News Release

Large herbivores’ effects on ecosystems depend more on size and diet than on herbivore origin

Peer-Reviewed Publication

American Association for the Advancement of Science (AAAS)

The effect of large herbivores on plant abundance and diversity depends more on their size and diet than whether they are native or introduced into their host ecosystems, according to a meta-analysis of more than 200 studies worldwide. The findings counter the widely held notion that the impacts of introduced megafauna are distinct and more harmful than those of native megafauna and suggest that trait-based ecology provides better insight into megaherbivore-plant interactions than concepts of species origin. Large mammal herbivores play a key role in shaping ecosystems and biodiversity by consuming vegetation, dispersing seeds and nutrients, and creating disturbances. However, since the end of the Pleistocene, many native megaherbivore species have gone extinct or have experienced precipitous population declines. More recently, humans have introduced many large herbivores to regions worldwide. Although these introductions have, in some ways, counteracted the loss of native megafauna and their functionality, introduced megafauna are thought to have greater negative effects on the ecosystems that host them. As a result, conservation policies in some areas have prioritized eradicating or culling introduced megafauna populations, even though many of these animals are threatened with extinction in their native ranges.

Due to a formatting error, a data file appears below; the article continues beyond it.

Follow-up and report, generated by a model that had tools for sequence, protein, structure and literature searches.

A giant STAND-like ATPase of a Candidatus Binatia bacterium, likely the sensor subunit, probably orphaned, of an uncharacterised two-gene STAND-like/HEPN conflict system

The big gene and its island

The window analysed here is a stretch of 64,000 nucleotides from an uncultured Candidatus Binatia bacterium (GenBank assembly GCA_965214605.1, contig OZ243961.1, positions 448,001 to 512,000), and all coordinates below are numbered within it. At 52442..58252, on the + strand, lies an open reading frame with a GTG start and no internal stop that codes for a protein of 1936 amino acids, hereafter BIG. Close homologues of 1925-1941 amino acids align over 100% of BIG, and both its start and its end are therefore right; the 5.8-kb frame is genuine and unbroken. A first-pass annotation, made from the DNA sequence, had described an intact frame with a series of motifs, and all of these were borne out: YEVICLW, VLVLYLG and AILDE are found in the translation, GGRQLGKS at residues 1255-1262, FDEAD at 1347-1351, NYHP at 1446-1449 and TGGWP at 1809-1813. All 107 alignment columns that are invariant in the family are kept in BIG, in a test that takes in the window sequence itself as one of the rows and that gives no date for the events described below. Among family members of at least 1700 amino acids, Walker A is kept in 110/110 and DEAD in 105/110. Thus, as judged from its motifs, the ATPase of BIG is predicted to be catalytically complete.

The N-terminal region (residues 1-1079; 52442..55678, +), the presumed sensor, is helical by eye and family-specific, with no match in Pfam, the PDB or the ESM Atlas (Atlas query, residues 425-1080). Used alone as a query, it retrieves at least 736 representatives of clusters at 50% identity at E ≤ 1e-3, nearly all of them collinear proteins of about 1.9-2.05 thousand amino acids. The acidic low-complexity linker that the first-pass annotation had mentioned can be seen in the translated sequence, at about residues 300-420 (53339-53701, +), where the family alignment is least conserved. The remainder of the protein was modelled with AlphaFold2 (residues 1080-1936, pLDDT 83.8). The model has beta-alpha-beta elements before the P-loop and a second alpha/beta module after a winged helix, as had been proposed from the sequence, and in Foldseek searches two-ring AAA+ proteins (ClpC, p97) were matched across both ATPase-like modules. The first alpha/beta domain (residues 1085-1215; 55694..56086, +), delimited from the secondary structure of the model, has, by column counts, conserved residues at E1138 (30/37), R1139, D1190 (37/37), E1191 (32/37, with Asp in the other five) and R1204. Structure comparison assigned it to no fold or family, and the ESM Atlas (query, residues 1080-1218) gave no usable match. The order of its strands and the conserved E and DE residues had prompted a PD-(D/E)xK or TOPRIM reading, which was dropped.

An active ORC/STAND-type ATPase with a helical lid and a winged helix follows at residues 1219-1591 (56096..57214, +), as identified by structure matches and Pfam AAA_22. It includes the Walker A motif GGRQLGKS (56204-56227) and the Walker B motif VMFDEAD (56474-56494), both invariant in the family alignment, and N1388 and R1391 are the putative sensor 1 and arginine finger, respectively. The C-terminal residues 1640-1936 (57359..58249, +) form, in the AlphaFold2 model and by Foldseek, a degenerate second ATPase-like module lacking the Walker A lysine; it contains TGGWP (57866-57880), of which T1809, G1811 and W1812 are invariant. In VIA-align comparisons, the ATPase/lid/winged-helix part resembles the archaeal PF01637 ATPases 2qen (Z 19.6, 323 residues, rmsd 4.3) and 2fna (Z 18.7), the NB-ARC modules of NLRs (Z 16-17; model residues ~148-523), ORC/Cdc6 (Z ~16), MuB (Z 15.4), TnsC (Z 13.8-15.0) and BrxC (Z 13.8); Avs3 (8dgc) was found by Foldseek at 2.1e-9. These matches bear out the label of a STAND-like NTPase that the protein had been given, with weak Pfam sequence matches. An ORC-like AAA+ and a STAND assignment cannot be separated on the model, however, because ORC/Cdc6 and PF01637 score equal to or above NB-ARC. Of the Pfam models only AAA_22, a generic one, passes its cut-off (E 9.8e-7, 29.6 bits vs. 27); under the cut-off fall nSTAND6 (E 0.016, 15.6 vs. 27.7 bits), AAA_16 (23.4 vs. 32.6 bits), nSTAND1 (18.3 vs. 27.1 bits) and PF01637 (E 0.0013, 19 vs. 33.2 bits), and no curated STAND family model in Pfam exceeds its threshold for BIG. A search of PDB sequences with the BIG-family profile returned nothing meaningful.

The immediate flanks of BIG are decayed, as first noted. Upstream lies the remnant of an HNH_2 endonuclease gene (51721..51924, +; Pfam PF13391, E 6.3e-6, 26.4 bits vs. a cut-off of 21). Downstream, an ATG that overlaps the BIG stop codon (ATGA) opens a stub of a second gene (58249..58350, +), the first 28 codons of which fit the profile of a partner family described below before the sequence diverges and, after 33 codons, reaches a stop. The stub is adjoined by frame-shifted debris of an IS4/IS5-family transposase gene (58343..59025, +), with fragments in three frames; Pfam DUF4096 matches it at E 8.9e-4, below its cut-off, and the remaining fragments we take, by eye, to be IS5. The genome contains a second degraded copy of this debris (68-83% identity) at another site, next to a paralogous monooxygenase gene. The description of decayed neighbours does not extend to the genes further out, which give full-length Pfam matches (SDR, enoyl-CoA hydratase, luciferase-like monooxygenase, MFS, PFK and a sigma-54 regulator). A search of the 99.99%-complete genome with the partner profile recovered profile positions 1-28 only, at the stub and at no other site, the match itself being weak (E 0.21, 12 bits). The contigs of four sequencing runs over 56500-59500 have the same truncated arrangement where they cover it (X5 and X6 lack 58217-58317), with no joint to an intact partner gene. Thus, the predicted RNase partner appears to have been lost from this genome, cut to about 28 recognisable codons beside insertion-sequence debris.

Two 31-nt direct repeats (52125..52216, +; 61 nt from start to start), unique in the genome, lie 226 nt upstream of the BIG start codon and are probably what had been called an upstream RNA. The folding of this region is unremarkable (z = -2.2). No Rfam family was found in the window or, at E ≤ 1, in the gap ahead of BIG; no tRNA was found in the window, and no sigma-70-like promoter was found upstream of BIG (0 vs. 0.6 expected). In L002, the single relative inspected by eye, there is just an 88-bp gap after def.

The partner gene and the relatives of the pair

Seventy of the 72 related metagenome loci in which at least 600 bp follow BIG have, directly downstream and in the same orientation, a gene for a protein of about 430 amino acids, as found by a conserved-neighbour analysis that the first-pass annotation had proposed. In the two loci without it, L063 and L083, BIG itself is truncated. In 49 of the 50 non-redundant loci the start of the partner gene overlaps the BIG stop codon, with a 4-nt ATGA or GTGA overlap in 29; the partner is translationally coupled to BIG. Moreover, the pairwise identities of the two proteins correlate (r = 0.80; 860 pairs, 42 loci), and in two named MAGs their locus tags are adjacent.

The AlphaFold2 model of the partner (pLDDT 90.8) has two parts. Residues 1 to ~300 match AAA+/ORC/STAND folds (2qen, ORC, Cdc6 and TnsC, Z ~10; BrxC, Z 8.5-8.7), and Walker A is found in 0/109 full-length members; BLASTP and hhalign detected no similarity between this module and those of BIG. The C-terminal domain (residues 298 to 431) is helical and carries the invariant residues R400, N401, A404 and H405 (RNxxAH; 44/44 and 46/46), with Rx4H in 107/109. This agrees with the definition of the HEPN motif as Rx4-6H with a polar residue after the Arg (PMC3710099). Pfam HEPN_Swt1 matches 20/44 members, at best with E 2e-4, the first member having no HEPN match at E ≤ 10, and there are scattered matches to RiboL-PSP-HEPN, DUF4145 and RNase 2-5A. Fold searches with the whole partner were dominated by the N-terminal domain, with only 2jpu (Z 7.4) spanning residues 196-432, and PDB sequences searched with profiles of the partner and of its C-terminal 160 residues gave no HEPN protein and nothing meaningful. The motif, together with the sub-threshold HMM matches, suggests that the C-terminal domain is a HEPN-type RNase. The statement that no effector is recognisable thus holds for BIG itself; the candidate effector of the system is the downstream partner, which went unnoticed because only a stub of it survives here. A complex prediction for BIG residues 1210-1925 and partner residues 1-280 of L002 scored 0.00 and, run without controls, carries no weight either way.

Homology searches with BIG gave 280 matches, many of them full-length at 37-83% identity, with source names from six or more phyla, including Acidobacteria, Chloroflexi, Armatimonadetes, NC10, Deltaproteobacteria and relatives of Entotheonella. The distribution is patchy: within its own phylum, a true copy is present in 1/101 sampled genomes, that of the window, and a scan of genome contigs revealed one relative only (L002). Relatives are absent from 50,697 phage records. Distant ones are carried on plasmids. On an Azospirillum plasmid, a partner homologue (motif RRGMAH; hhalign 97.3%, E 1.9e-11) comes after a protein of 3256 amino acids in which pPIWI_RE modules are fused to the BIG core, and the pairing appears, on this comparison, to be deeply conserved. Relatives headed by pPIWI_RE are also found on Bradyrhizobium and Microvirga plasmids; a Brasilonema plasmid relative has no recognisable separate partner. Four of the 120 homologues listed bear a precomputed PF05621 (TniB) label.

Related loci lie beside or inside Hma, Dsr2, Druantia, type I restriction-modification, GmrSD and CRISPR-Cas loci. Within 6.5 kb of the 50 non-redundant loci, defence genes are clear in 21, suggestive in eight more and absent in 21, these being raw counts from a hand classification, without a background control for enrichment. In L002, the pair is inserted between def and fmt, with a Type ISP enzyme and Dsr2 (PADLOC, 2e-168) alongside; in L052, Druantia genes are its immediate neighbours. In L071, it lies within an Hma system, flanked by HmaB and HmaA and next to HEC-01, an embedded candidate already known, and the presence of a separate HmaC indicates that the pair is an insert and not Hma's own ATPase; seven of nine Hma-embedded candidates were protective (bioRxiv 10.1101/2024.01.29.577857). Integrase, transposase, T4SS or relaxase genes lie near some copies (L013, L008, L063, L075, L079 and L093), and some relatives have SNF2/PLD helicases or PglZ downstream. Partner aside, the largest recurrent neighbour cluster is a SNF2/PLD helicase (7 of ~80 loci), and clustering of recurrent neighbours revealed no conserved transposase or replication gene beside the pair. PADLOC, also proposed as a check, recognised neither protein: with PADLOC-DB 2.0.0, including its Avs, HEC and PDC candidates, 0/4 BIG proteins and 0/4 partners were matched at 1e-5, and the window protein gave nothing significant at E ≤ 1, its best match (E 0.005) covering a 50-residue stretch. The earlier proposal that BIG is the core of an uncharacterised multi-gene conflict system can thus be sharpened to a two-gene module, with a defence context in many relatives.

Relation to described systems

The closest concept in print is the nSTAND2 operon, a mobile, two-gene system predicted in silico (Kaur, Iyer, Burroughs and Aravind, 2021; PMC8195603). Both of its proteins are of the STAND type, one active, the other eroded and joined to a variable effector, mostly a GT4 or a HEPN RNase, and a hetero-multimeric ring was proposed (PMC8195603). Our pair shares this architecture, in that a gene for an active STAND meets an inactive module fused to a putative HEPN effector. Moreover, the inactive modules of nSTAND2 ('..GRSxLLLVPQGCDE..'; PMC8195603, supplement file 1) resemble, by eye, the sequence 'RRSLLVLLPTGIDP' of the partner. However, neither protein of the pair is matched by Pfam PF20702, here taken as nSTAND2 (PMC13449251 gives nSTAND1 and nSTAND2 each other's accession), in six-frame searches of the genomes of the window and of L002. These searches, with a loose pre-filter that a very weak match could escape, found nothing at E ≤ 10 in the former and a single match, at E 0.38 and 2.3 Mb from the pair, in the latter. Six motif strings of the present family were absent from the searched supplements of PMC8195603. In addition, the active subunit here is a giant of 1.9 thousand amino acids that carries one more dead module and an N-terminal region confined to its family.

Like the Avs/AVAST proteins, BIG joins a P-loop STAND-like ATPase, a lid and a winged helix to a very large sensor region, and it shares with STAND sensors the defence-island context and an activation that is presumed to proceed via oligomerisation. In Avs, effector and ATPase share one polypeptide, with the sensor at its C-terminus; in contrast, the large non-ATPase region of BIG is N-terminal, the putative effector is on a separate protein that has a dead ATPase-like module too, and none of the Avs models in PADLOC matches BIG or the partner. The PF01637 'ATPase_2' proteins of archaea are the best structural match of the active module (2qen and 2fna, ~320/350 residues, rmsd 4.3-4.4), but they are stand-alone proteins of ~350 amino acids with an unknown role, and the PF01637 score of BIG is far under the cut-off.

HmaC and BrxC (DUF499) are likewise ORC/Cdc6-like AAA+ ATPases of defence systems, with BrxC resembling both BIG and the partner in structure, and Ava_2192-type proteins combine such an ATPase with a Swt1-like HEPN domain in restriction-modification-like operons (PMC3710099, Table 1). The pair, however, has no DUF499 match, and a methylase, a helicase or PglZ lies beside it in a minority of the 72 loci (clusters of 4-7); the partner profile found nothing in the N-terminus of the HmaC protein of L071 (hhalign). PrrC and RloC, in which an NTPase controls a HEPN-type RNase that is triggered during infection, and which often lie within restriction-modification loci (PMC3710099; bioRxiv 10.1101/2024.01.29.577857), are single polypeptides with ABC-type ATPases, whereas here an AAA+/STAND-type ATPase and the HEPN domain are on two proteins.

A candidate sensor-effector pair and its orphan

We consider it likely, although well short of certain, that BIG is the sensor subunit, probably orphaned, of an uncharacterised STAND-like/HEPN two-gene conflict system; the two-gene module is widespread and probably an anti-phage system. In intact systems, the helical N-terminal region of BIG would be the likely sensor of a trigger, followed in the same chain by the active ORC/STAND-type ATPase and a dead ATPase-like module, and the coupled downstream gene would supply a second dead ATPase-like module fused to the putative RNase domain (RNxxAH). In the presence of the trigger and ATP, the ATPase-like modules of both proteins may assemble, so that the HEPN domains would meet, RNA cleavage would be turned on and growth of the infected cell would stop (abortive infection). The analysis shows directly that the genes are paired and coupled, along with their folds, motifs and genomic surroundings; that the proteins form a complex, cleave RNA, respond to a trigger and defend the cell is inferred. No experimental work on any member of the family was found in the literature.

To better understand whether introduced megaherbivores have stronger and more negative impacts on plant abundance and diversity than native species and the factors that account for these effects, Erick Lundgren and colleagues performed a meta-analysis encompassing the datasets from 221 studies spanning 6 continents. Lundgren et al. found no evidence that herbivore origin shapes the effects of megafauna on plants. Nor did species ‘invasiveness,’ ‘feralness,’ coevolutionary history with local flora, or phylogenetic and functional novelty of large herbivores. Instead, the authors discovered that megafauna functional traits, specifically species’ body size and dietary selectivity, have stronger effects on plant diversity. “We argue that the effects of introduced megafauna should be studied as any other wildlife would be studied, through the lens of functional ecology, with the normative dimensions of their ‘belonging’ considered separately and with transparency,” write Lundgren et al. In a related Perspective, Yvonne Buckley and Andrew Torsney discuss the study in more detail.


Raw data files are available for news outlets interested in building their own data visualizations. More information is available in the "Other Information for Journalists" section.

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